Monday, July 13, 2009

Is there such a thing as an inappropriate book?

Ariel and I have talked a lot about this. We want to solicit books that the community wants, and once they have come up with a list of priority areas, we will start to look for them specifically as well as receive donations. But in general, are there books that we should turn away if donated?

Of course all books have value—some of them for valuable information, some of them for a perspective on what was once considered valuable information (my master’s dissertation was, in part, a discourse analysis on science and policies around sexually transmitted diseases in Africa in the 19th century). But we’ve decided that outdated textbooks are not worth sending over. Our resources are too scare to use them sending information that can’t be used here and now!

However, with some books it’s less clear. For example, we received several up to date high quality psychology textbooks. One of them specifically dealt with gender issues. I was fascinated with the book personally, and was leafing through the pages. As I did so, I started to wonder if psychology was completely Western-centric. Of course, Franz Fanon was a psychologist who wrote the book which has been one the most influential books all over Africa, "The Wretched of the Earth." But this book was somewhat different. Do chapters detailing the effects of cafeteria politics on girls have any relevance in rural Kenya? I don’t have the answer to this.

Another book dealt with queer theory and sexuality. All over the world, there are people who are attracted to people of the same sex. But the social constructs of how those relationships manifest are so different across societies. In Iran, the government can state that there is no such thing as homosexuality while sex change operations are perfectly acceptable. In Kenya, homosexuality is not at all accepted but in some Muslim communities on the coast there are men who wear hijab and live as women. When I was living in Busia and reading Middlesex, about a hermaphrodite in the mid West, many people would ask me what the book was about. When I told them, the response invariably was, “Oh, like that woman who works at the Post Office.” How people consider issues of sexuality varies so dramatically across countries that I’m not sure a book made by and for Westerners about sexuality really makes any sense in the Kenyan context. Again, I don't have an answer for this.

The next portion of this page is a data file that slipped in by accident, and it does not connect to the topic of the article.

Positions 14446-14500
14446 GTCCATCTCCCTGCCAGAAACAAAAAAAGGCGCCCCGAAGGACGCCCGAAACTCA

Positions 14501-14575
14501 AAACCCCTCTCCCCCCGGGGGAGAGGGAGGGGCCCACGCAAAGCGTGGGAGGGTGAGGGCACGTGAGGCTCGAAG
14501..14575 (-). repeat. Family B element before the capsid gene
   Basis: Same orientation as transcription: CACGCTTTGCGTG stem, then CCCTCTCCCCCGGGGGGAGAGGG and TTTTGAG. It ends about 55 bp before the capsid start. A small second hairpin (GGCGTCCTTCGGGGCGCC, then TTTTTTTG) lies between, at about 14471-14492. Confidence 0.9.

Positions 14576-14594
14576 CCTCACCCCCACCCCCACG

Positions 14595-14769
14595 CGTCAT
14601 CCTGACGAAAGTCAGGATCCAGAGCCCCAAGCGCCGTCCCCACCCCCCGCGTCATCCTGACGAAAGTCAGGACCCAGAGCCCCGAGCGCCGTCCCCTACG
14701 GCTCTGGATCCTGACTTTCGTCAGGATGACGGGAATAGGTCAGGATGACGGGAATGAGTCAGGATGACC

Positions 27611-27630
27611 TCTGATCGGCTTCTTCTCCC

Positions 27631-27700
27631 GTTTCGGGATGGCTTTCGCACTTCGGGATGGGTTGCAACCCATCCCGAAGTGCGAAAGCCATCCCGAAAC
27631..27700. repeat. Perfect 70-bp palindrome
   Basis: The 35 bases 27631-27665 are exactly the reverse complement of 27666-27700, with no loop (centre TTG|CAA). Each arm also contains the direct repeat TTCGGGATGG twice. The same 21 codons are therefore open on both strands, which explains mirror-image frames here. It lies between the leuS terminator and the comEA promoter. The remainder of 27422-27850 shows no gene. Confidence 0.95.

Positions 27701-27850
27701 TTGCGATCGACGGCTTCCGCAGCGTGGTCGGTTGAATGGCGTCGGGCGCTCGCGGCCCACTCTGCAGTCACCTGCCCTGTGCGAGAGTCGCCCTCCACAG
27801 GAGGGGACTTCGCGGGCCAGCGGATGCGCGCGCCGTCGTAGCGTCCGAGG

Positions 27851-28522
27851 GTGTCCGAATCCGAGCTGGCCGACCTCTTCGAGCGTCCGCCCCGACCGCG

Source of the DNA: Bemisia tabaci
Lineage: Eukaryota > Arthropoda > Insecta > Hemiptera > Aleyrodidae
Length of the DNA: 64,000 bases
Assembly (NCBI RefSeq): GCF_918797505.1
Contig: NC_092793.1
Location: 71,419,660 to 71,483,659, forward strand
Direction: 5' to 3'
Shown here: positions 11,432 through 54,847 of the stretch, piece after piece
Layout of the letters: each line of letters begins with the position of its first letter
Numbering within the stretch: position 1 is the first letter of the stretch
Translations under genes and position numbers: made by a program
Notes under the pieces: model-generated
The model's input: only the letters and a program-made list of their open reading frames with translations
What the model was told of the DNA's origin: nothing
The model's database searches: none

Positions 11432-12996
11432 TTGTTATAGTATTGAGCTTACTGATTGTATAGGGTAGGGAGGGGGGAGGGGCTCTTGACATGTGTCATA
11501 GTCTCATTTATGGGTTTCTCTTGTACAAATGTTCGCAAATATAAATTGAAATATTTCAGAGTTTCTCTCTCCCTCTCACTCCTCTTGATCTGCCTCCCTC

The final example was this book:

Ironically, Ariel and I received this book right after having a long conversation about whether we should put restrictions on what books we accept. When we first saw this, our reaction was to laugh and show people in the office. But later we thought about it in a more sober light. To me, the example of deciding not to bring this book to Kenya is poignant. It underlies the bitter irony of the how the world’s inequalities do not serve anyone. It underlies not only the gross imbalance in things like provision of medications but also the uphill battle that we all face to make sure the institutions that surround us serve us all well.

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